Page 43 of Cairo: The Practical Guide by The American University in Cairo Press
“Women’s Lib[eration] has not had quite the same impact in Egypt as it has in some Western countries. This produces some charmingly chivalrous behavior towards women on the part of men–opening doors, carrying packages, etc.–but can also cause the poor things some embarrassment if a woman offers to or insists upon paying for dinner.”
That is happening.
Nearly driving me crazy.
Even good friends of mine in Cairo are bothered by where I choose to walk in relation to them on the street. Yes, I hop up and down curbs, sometimes even skip and dance in public. Friends and strangers both get upset, when I get upset, when they insist on taking the heavier bags out of my hands. Sometimes the challenge of carrying things is extremely enjoyable. Can’t be the only woman or girl here to think so.
I’m not lady-like and don’t aspire to be. Once in awhile I can pass it off, almost like playing a character, but it doesn’t last long. Please understand this is not just a gender issue for me. I prefer to try to things on my own and then ask for the help I need. Whenever someone, male or female, has the job of tending to me, I get mighty uncomfortable. Asked to fetch my tea, prep my seat, clean up after I leave. My dad is a school custodian. But more than that, a community builder. He taught me everyone lends a hand.
The Cairo Guide goes on to say, “Defer to the custom of the country or your male companion’s sensibilities on this issue.”
Oh yes, men’s sensibilities. I apologize in advance, gentlemen and authors of the Cairo Guide. Couldn’t defer if I tried. And I did try. Will probably offend your sensibilities often and I probably won’t participate well in these aspects of Egyptian culture.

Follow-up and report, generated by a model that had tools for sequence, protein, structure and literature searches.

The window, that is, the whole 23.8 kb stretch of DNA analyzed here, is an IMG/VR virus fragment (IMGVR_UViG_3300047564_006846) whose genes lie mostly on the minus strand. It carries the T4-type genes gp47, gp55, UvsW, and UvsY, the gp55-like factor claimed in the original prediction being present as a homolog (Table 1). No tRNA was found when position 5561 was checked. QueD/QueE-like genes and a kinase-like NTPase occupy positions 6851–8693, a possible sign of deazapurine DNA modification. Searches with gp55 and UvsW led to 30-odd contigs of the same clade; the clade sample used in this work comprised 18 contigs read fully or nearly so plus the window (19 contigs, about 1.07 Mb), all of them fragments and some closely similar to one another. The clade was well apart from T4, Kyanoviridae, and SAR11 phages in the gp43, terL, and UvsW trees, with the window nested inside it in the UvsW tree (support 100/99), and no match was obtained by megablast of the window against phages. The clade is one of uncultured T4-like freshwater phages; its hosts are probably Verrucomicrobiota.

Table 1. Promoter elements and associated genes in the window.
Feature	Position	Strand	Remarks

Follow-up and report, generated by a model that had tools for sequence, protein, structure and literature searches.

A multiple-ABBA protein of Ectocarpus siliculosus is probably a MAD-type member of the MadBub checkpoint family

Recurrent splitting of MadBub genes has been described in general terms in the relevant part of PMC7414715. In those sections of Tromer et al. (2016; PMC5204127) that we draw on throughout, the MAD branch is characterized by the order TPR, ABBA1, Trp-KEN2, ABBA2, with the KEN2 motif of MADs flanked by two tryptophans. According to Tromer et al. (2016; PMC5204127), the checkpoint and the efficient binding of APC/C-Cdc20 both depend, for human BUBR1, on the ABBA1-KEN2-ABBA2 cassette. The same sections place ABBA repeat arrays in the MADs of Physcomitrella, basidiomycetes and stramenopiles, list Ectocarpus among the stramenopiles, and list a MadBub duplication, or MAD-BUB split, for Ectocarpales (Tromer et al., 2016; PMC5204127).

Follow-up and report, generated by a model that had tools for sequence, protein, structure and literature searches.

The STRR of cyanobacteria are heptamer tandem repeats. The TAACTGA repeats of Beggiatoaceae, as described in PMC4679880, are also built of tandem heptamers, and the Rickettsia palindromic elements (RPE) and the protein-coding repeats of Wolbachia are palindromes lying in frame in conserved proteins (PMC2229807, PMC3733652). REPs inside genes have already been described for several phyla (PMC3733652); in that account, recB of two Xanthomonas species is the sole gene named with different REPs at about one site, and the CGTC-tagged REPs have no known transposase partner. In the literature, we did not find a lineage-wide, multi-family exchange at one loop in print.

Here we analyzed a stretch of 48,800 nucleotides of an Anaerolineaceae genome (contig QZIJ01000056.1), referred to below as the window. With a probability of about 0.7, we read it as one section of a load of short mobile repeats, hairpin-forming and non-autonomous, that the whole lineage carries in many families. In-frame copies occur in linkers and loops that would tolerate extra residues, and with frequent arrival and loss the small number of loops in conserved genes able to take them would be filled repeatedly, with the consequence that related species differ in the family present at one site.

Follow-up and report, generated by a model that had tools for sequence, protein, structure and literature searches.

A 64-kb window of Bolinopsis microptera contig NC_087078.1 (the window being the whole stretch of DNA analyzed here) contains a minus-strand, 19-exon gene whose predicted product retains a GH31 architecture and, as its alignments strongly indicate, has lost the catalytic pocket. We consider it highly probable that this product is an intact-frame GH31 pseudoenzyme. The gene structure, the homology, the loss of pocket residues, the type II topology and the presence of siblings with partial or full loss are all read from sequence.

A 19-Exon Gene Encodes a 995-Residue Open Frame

For reference on where I’m coming from on this matter, here I am with one of my favorite dance students back in Chicago. I once lifted him on my back so that he could feel some weightlessness, release, and the dance concept of weight-sharing. He is an amazing guy and an amazing dancer. We found a way to be equals, as teacher/student, as different body-types, helping each other.
Back to Cairo.
Last night I had planned a Hello Cairo party. 10 people RSVPd. 9 said maybe. 1 showed up. Me. That’s ok.
Actually it was more than ok. It was one of the coolest things.
I was enjoying my shrimp fajitas alone at TGIFriday’s on the Nile when a brilliant, nearly 14-yr-old girl from Aleppo, Syria came over and sat with me. Confidently and out of nowhere. Bright pink hijab and a bright smile. She and I chatted for nearly an hour. We had a blast.
She wanted to practice her English. And her entire family was at a nearby table: only her father speaks English but not to her level. Someday she wants to study in America or Europe. Her friends don’t seem to understand that she will be safe and that not everyone in those countries hates Muslims. That’s what she told me.
She asked me how old I was. 34. She asked me if I was married. When I said no, she asked what was wrong. I told her about failed attempts at relationships, and about doing good things in the world. We gossiped a bit about guys. She told me about a fight she had with her boyfriend back in Syria. She asked me why I had short hair. Shaved my head for St. Baldrick’s. I told her about Donna and Shea and the other children who have battled, will battle, are battling cancer; she lit up and said she wants to be a doctor and volunteer.
We laughed about how slow the male waiter was with bringing the check, even though I asked several times. I said I might just do it myself, write down on a piece of scrap paper what I ordered and leave the paper on the table with the cash.
It was in this silly moment that I felt like a real role model. An amazing feeling. And in one mere hour, she taught me a lot about being a powerful teen, Muslim young woman, aspiring doctor. She told me she likes Jennifer Lopez and Eminem. I told her about Lupe Fiasco. She said she was worried about her friends back in Syria and that she wants to keep in touch with me on Facebook or e-mail.
Hope she has a great birthday on Tuesday. And I hope she knows that my writing about her is because of how much our conversation meant to me. We are 20 years apart but kindred spirits. Her family has been here 20 days and I hope they can return to a safe and bright Syria soon.
***The views and information presented in my blog are my own and do not represent the U.S. Department of State or the Fulbright Scholar Program.